Obviously, there are lots of those small companies around that have survived the test of time, are doing great business, and keep updating their themes all the time. In fact, I’ve also bought licenses from at least two other direct competitors to PressCustomizr. Their themes are great, but not overwhelmingly so; I picked them mostly based on reviews and functionality, as well as the customer’s personal taste. At the end of the day, these themes were insanely hard to configure just to get equivalent functionality that Customizr Pro handles out of the box. All of these themes include their own ‘site builder’ as a separate plugin — each working slightly differently, and none are perfectly integrated into Gutenberg. It becomes a pain to get used to one system of updating the look & feel of one site, and then have to switch to something completely different. PressCustomizr also has their own site builder, similar in functionality to whatever else is out there, but the truth is that you won’t need to use it much, even if you want to do a heavily customised site — at least, that’s my experience. With a few tweaks, I can get Customizr doing pretty much everything that I need, and that often means emulating the look & functionality of existing sites requiring an update to modern Web technologies. That works so well with Customizr that I’m personally frustrated with the high cost of the ‘competing’ products, which promise a lot, but, at the end of the day, offer little more than what Customizr can do.

    No review would be serious if I didn’t address the shortcomings of Customizr and the pet peeves I’ve got with it. First of everything, it’s slow. Not unbearably slow — I have bought much slower themes! — but slow nevertheless. The developers assume that you’ll be running everything from a good cache plugin in combination with a reverse proxy and a CDN — which is basically par for the course these days, even with much faster themes. It’s still slow, and you’ll notice it when you do a fresh install and try it out.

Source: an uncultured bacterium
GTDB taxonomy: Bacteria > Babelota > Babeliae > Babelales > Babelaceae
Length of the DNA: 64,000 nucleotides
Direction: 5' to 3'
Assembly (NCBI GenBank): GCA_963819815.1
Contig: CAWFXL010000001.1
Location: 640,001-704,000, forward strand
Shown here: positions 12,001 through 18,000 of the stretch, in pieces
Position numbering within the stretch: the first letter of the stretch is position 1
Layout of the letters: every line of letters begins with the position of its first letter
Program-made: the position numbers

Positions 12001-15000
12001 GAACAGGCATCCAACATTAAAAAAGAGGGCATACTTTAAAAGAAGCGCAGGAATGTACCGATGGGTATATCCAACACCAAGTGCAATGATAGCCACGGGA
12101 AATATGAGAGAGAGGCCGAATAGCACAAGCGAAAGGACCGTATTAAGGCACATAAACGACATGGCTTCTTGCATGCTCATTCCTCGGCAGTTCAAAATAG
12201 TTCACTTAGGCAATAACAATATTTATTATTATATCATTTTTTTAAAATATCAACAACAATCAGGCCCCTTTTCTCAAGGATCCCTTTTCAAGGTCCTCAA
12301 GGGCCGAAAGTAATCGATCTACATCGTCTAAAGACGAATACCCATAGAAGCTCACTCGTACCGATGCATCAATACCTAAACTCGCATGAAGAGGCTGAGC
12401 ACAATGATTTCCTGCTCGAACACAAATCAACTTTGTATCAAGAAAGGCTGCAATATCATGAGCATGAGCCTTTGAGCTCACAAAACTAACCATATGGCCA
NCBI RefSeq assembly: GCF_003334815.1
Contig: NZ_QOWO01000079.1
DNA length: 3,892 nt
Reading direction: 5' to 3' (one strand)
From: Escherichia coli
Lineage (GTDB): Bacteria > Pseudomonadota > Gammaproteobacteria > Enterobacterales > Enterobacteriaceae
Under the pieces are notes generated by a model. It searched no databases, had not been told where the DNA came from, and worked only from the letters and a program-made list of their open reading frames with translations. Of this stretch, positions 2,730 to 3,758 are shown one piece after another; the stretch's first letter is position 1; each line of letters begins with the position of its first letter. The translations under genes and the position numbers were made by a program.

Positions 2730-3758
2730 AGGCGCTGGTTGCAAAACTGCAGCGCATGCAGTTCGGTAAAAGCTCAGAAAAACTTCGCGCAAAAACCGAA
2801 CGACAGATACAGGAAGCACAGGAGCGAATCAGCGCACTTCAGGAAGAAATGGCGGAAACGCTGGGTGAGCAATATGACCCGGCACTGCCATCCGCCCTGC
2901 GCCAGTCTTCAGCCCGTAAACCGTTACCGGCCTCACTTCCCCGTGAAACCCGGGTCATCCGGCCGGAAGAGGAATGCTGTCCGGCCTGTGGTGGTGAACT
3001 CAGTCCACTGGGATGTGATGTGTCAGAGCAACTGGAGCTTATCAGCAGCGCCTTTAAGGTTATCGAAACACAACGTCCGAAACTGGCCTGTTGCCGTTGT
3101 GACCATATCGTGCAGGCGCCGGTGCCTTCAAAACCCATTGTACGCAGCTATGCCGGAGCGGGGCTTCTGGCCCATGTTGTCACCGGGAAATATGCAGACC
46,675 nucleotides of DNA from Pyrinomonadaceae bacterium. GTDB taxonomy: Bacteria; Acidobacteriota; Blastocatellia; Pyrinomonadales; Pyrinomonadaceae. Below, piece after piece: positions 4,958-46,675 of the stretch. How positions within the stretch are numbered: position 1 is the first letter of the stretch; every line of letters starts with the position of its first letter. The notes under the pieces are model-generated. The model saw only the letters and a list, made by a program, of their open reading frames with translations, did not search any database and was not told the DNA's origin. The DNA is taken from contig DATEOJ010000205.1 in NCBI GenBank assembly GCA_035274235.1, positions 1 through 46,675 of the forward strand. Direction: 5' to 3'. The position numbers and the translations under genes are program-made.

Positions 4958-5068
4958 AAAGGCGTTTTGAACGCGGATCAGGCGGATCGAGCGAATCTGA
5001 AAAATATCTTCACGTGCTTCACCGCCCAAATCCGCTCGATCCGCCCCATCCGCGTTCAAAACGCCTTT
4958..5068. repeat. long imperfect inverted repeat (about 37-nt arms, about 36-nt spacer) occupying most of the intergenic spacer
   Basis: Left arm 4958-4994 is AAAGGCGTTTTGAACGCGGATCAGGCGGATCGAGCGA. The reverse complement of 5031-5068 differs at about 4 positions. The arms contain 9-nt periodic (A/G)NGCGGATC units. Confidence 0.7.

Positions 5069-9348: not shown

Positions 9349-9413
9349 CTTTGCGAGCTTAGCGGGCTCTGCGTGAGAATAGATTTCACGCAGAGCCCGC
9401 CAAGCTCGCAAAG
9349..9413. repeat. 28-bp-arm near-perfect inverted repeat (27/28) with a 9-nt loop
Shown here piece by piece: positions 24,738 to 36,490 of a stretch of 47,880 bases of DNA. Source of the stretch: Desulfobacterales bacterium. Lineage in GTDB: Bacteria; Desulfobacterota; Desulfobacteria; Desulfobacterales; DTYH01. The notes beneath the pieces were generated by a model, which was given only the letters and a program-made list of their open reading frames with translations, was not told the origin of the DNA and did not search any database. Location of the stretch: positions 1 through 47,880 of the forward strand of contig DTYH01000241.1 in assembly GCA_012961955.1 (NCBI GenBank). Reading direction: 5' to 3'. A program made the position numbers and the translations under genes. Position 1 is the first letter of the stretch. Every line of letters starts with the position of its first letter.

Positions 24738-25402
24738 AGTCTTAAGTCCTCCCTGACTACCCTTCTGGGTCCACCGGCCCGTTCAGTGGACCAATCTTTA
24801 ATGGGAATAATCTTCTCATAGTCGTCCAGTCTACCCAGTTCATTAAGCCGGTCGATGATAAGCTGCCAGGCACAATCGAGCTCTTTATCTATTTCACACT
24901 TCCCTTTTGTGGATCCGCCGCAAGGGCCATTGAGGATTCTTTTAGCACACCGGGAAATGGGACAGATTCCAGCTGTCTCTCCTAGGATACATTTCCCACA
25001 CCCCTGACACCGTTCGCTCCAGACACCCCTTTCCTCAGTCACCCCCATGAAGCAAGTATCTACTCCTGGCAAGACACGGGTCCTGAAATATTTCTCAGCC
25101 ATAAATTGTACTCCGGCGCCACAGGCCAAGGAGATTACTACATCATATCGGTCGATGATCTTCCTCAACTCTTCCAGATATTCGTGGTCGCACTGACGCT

There has been a tremendous effort put in handling annoying ‘shifts’ in the many elements as the browser renders all theme elements, but sometimes you can still briefly notice them. Not all come from Customizr itself — one plugin I’ve installed has a CSS file with 10,000 lines (!) and that will inevitably take a long time to render, no matter what. Still, there are optimisations that could (and should) be done. Customizr Pro loads unnecessary fonts even if you don’t use them, for instance. There is quite a bit of redundancy in both the styling and the JavaScript here and there — possibly in order to support a lot of different ways of doing similar things, and letting the WP admin pick the one they like most (such as the choice of slideshow plugin, for instance). There is also an annoying issue when you’re overriding some styles in a child theme: in one of the sites I did with Customizr, I had to basically change the main styles to keep the overall look & feel of this website, which went through several incarnations since 1997 (!), all of which used a dark theme with a background image. There is no problem in overriding the default light theme with your own CSS, but there is a catch: for some unfathomable reason, Customizr will first load a white background page with black Times New Roman characters, while it waits for the background image and the Google Fonts to load. These will not come ‘instantly’, but, with the cache turned off, it’s quite obvious that the whole site gets drawn first in black-over-white without custom fonts, and then, as further elements are available to the browser, the page gets redrawn and redrawn, over and over again, and this causes an annoying flicker plus some styling shifts. Granted, this is something that Customizr shares with a gazillion themes out there and one of the oldest questions of Web design: what should you show while information is loading and you have no content to display to the user? (An empty page taking a few seconds to load will be brutally penalised by the Google page ranking algorithm.) There is no easy answer to that, but there are some tricks that can be made: for instance, thumbnail images in Customizr can have a ‘temporary’ image being displayed while the actual image is loading. The same, however, is not true for background images: in my scenario, instead of having a white background while the image is not loading, I’d rather prefer having a black background — and my CSS actually provides that, but, alas, Customizr doesn’t care much about my settings, and, essentially, when my own custom CSS loads, the background image has already been transferred anyway. Again, these are pet peeves of mine, that will be only noticeable with the cache turned off (such as when you’re logged in and using the Appearance Customiser on the WP backend to make changes and preview them in real-time).